Xcel suit: Manufacturer concealed defect that caused costly accident


Xcel Energy is suing the manufacturer of a turbine that was damaged in a costly incident at its Sherco plant in Becker, Minnesota.

The Star Tribune reported that the malfunction led to an expensive and time-consuming repair job at the coal-fired power plant, located on the Mississippi river 45 miles northwest of the Twin Cities. The newspaper said Xcel Energy spent $200 million in the 22 months it took to make the repairs and bring the Sherco 3 electric generator back online. Xcel customers paid $65 million in replacement power costs during the repair. It went back online in October 2013.

In the lawsuit filed in Sherburne County District Court, Xcel alleged that the turbine's dangerous defect was something that manufacturer General Electric knew about but fraudulently concealed. The turbine was damaged in November of 2011 as Xcel was testing it after a service outage. The spinning turbine hurled pieces of metal across the turbine room and erupted in fire that damaged other equipment. The St. Cloud Times adds that the Southern Minnesota Municipal Power Agency (SMMPA), which owns 41 percent of Sherco 3, also is a plaintiff in the suit against General Electric and three of its affiliates. The power agency supplies electricity to 108,000 customers at 18 Minnesota municipal utilities.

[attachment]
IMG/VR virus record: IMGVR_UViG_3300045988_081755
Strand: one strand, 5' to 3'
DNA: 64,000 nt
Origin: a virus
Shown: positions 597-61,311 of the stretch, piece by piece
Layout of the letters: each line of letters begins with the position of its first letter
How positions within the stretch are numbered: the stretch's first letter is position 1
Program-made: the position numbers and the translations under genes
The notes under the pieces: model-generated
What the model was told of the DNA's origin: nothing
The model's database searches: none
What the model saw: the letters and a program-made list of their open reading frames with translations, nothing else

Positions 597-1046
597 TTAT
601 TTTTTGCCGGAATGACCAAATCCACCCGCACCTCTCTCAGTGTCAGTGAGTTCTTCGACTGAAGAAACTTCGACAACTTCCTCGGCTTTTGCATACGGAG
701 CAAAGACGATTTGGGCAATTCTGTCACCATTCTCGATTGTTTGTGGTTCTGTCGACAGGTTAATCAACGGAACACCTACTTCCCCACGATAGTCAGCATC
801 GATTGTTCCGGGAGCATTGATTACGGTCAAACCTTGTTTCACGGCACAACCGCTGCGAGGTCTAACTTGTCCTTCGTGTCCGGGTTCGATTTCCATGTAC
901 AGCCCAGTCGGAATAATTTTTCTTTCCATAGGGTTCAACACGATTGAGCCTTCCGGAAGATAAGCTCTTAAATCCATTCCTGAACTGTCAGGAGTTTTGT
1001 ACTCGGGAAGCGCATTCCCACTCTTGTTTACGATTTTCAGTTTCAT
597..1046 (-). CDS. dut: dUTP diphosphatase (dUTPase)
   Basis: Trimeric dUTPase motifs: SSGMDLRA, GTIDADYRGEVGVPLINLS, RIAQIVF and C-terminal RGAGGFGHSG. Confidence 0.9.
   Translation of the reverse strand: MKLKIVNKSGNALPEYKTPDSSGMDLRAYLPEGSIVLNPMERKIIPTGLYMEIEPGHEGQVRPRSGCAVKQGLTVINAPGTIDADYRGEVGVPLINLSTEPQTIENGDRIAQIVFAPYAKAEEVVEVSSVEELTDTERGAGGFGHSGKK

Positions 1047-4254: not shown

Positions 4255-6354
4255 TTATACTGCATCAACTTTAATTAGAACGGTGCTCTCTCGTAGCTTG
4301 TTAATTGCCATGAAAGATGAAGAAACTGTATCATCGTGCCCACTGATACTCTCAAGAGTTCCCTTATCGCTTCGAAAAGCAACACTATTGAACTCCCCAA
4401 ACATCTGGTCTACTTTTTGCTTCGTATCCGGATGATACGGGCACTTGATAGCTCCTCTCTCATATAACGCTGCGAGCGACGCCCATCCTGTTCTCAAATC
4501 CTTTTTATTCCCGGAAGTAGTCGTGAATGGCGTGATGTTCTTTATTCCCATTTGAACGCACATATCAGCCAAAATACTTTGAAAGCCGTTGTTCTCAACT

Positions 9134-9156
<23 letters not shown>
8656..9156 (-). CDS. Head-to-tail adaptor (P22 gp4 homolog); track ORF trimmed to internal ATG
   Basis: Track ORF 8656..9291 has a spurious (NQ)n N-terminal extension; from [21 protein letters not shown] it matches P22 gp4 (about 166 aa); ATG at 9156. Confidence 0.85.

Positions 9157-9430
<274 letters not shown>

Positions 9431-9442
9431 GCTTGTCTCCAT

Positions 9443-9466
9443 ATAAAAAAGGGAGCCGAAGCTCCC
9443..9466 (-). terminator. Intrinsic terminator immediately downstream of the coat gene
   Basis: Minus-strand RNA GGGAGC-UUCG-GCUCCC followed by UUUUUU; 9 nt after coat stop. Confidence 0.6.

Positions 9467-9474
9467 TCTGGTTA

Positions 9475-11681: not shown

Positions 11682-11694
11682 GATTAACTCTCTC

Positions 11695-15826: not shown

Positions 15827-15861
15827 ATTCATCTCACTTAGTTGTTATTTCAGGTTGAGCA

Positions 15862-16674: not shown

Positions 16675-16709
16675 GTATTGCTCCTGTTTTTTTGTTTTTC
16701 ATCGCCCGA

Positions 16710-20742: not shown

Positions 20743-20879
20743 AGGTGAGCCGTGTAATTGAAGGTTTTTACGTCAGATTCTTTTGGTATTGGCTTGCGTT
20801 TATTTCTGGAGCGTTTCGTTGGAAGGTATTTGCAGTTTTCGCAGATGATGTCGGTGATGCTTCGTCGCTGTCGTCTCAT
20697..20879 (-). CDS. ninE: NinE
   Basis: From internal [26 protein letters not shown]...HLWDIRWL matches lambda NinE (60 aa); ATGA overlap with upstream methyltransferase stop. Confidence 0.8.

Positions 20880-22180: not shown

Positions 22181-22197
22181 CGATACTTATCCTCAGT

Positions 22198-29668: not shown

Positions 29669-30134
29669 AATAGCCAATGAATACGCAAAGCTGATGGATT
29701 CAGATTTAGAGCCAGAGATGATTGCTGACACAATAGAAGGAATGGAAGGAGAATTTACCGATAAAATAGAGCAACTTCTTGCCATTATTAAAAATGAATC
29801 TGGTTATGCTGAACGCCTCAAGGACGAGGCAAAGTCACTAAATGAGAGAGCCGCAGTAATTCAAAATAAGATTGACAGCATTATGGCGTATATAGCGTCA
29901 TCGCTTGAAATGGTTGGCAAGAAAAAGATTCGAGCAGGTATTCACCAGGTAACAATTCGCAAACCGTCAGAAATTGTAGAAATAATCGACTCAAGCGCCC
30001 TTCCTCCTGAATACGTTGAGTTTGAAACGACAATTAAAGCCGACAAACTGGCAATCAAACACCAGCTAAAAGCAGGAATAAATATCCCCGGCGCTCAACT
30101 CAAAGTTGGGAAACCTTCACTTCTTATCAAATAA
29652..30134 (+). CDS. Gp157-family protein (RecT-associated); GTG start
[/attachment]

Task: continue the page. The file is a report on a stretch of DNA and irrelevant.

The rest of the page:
Several insurers that held policies covering damage are part of Xcel’s suit against GE. The lawsuit claims that GE and its service affiliates had known about a defect in its turbine blades for decades, had documented dozens of earlier failures and had even developed and patented an improved design. Even so, the lawsuit contends, GE didn’t tell Xcel about the problem before the accident. GE had no response to the lawsuit on Wednesday.

Sherco 3 is one of three units at the power station. The other two units were not damaged.

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